In addition, my preferred version would NOT be the fantasy/anime/mythic superhero. Leap 30' in armor? Sure. Over a dragon? No.

I realize others feel differently. Just stating my preference.

yeah, I think that the current warlock is what should be looked to. You have X number per short rest able to be used, and a list of maneuvers known... you can reuse the same ones, or use different ones.
Warlock is a good basis - particularly the Hexblade, which outside of 1-level dips, is generally regarded as OK, but not excessively powerful.

Warlocks have an at-will attack that stacks up well against a the base fighter's extra attack, some always on/at-will abilities plus spells all the way to 9th level, yet aren't regarded as excessively powerful because of it.

Outside of the Warlord homebrew class I made a while ago, they're probably the best basis for the mythic martial class, or "complex fighter". Starting by converting spells that do martial things into abilities for the class will give an idea of the sort of power the complex fighter would have at each level.

All of which is post facto rationalization. The mechanic says what happens, so the fiction will just have to bend to accommodate no matter what. If you can't recognize that's a very different aesthetic, well, we just won't be able to have a productive discussion.

It is a very different aesthetic and mechanic but it doesn't have to apply to only spells or magical effects.

Some mechanics are modeling the outcome and NOT trying to one to one match the player resource to the character resource. In fact that's the whole point of some narrative abilities.

So in many cases "the move" is not fiction bending to your charcter's will, but the fiction is accomodating the outcome -- which if the mechanic is good should more often than not make sense within the character's permission space, general abilities, the genre, etc. Yes, it can lead to some situations where there is a disconnect and you have to squint or just move on. It's a downside to this mechanic. But if the mechanic is good within the system, this should happen much less often than more often.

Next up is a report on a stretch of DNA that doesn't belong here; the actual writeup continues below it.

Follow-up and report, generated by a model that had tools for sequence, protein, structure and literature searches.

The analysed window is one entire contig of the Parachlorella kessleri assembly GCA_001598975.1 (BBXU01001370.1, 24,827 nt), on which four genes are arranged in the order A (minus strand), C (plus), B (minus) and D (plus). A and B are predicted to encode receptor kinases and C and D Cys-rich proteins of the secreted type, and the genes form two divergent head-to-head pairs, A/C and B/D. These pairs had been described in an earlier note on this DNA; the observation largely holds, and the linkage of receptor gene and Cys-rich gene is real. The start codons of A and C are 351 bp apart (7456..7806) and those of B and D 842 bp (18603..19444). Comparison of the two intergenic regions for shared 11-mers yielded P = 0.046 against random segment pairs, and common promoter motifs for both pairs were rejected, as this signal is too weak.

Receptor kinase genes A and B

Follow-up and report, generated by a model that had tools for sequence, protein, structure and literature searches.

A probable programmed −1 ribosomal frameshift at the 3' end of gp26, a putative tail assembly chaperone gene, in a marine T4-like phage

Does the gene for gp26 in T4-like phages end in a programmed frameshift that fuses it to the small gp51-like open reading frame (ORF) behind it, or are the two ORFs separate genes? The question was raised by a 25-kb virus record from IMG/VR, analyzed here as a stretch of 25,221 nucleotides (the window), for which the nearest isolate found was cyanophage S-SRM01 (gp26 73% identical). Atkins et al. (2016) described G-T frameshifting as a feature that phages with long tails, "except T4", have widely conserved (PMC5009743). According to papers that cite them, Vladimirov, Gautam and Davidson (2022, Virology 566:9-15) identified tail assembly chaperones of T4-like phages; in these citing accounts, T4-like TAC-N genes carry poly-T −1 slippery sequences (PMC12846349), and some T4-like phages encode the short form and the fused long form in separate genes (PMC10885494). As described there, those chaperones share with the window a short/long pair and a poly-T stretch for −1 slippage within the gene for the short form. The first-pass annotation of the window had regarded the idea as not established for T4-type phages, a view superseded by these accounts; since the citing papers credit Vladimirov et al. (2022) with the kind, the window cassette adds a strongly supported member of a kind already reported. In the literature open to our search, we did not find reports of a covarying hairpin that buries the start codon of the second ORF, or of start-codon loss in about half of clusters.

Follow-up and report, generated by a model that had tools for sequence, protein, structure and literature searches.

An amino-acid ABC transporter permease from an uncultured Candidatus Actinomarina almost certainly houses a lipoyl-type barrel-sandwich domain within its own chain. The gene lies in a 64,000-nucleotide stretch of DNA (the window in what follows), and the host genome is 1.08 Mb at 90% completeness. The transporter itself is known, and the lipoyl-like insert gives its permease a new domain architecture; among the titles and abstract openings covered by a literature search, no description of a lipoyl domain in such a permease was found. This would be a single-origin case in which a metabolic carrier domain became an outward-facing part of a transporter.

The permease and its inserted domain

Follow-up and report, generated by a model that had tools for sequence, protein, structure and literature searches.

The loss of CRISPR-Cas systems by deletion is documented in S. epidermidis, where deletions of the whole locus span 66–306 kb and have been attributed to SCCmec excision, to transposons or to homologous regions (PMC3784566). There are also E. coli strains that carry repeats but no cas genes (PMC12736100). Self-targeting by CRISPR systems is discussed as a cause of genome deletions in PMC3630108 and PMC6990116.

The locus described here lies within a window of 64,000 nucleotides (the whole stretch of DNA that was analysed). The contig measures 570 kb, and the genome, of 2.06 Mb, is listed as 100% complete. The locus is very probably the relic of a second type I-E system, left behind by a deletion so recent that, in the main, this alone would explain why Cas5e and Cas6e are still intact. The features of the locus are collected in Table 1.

The extreme example of this are plot points / fate points that allow players to introduce authorial fictional elements like "of course my buddy from college works at this law firm" or whatever. In a real world based modern magicless Fate game there are no spells involved and the character itself is not bending the fiction -- the mechanic just allows the player to declare an outcome related to the character that is plausible within the fiction. The character experiences a plausible meeting with an old friend.

D&D narrative abilities have traditional used magic as a way to tie the outcomes directly to push button character resources which are also one to one player resources but it seems like 5e has experimented a little bit on this as well -- backgrounds that allow the player to declare the "outcome" that the peasants will shelter them, etc.

I can see why some people are ok with this and some are not.

If it involves bending fiction to your will by performing the move, or is balanced by limited access to some metagame currency (slots per day, rechargeable points) then regardless of what you color it as, it is a spell-like mechanic. It is mechanics we are talking about here.

Then call it spell-like mechanics.

If you are using "Fighter gets spells" to mean "Fighter gets abilities that use mechanics that have been traditionally reserved for spells in D&D, particularly limited use in exchange for power and narrative control" then I understand that. And I can see why some people may or may not like this.

If people say "Fighters get spells" as short hand it's misleading and confusing because we have pages in the PHB describing what spells and spellcasters are in D&D through the lens of the D&D fiction.


that's the thing. For 22 years we have had non injury injuries... and for all 48 years we have had "I was at deaths door 5 minutes ago, but have no penalties to movement, and/or ability"

now I'm not complaining that I want more realism or a death spiral, but we can't assume we have real HP simulating anything.
If only we had some sort of mechanic to distinguish "actually injured" from "minor scrapes and bruises". Something like a "bloodied" condition...